Review of The 5 Levels of Leadership by John C. Maxwell

September 26, 2012 — 2 Comments

Recently I read the book, The 5 Levels of Leadership: Proven Steps to Maximize Your Potential by Dr. John C. Maxwell.

5 Levels of Leadershp by John MaxwellThis is a great book which I believe will be a classic leadership book in the coming years.

The book begins with a leadership assessment to grade the reader’s current level of leadership. The assessment grades the reader’s own level of leadership (on a scale from one to five) and it also requires other people to take the same leadership assessment about the leader.

Once the reader has discovered her own level of leadership based on the scale from one to five, Dr. Maxwell then explains each of the five levels in great detail. In fact, he does not just explain what each level is, he also explains the benefits and disadvantages of each level as well as possible ways to grow to become a better leader.

The five levels are as follows:

  1. Position: It’s a great place to visit, but you wouldn’t want to live there.
  2. Permission: You can’t lead people until you like people.
  3. Production: Making things happen separates real leaders from wannabes.
  4. People Development: Helping individual leaders grow extends your influence and impact.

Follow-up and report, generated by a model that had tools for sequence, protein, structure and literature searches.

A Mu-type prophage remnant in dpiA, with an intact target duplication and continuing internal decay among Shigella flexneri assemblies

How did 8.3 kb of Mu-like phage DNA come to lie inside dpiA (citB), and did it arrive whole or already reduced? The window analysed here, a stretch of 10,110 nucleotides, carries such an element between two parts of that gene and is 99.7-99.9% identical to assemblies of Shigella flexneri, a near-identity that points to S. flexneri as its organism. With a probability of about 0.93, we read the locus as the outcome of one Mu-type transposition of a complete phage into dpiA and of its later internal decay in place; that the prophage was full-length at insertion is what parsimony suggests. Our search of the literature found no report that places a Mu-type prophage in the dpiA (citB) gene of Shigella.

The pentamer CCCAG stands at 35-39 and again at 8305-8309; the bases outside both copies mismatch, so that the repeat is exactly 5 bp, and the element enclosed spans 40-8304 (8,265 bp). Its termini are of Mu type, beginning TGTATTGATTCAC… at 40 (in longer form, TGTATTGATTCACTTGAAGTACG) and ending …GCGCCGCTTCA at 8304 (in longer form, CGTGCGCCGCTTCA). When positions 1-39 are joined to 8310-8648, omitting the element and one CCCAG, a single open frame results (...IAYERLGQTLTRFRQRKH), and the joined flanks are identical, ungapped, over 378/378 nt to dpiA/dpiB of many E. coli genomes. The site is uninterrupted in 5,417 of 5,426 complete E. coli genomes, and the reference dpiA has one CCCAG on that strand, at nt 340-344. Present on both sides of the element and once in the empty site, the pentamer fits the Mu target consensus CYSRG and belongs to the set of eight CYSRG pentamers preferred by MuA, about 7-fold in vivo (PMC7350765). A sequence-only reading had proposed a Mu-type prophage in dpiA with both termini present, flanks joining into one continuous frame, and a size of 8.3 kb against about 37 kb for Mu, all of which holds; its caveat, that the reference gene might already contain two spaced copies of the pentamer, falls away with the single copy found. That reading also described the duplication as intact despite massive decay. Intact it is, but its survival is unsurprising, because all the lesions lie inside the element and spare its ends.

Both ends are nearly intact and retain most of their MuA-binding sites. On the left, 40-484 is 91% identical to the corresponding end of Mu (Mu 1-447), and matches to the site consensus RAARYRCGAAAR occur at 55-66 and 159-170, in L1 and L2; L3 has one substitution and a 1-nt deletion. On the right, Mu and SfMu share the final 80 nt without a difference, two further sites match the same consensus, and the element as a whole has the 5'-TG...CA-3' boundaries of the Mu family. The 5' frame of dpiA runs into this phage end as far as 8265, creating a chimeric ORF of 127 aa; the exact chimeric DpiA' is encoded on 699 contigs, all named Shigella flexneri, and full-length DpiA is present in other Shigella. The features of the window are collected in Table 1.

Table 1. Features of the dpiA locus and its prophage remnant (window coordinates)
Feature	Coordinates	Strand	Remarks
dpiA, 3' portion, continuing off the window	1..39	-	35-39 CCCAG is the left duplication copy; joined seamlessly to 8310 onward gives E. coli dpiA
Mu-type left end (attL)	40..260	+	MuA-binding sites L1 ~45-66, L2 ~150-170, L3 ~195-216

5. The Pinnacle: The highest leadership accomplishment is developing other leaders to level 4.

For me, I am a level three leader: Production. I am very good at working with people to get results, accomplish goals, and do them with excellence, but I still struggle with the role of helping others to grow and become better employees.

Perhaps the thing I like most about The 5 Levels of Leadership is it helps to show leaders where they can improve. Due to Dr. Maxwell’s great description of each level, it helps readers see how they are doing in their leadership and shows areas they can improve in their leadership. This is good because Maxwell writes, “The better the leaders are in an organization, the better everyone in the organization becomes. When productivity is high, chemistry is good, morale is high, and momentum is strong, then the payoffs increase” (p. 15). Reading The 5 Levels of Leadership and working to improve yourself as a leader will not only help you, but it will help your organization as well.

Question: Have you read The 5 Levels of Leadership? If you have, what did you think?

Christopher L. Scott

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Christopher Scott is Small Groups Pastor at Rocky Hilly Community Church in Exeter, CA. He has more than ten years of experience leading volunteers, running nonprofit programs, and teaching the Bible in small group settings. He holds a bachelor's degree from Fresno Pacific University and master's degree from Dallas Theological Seminary.

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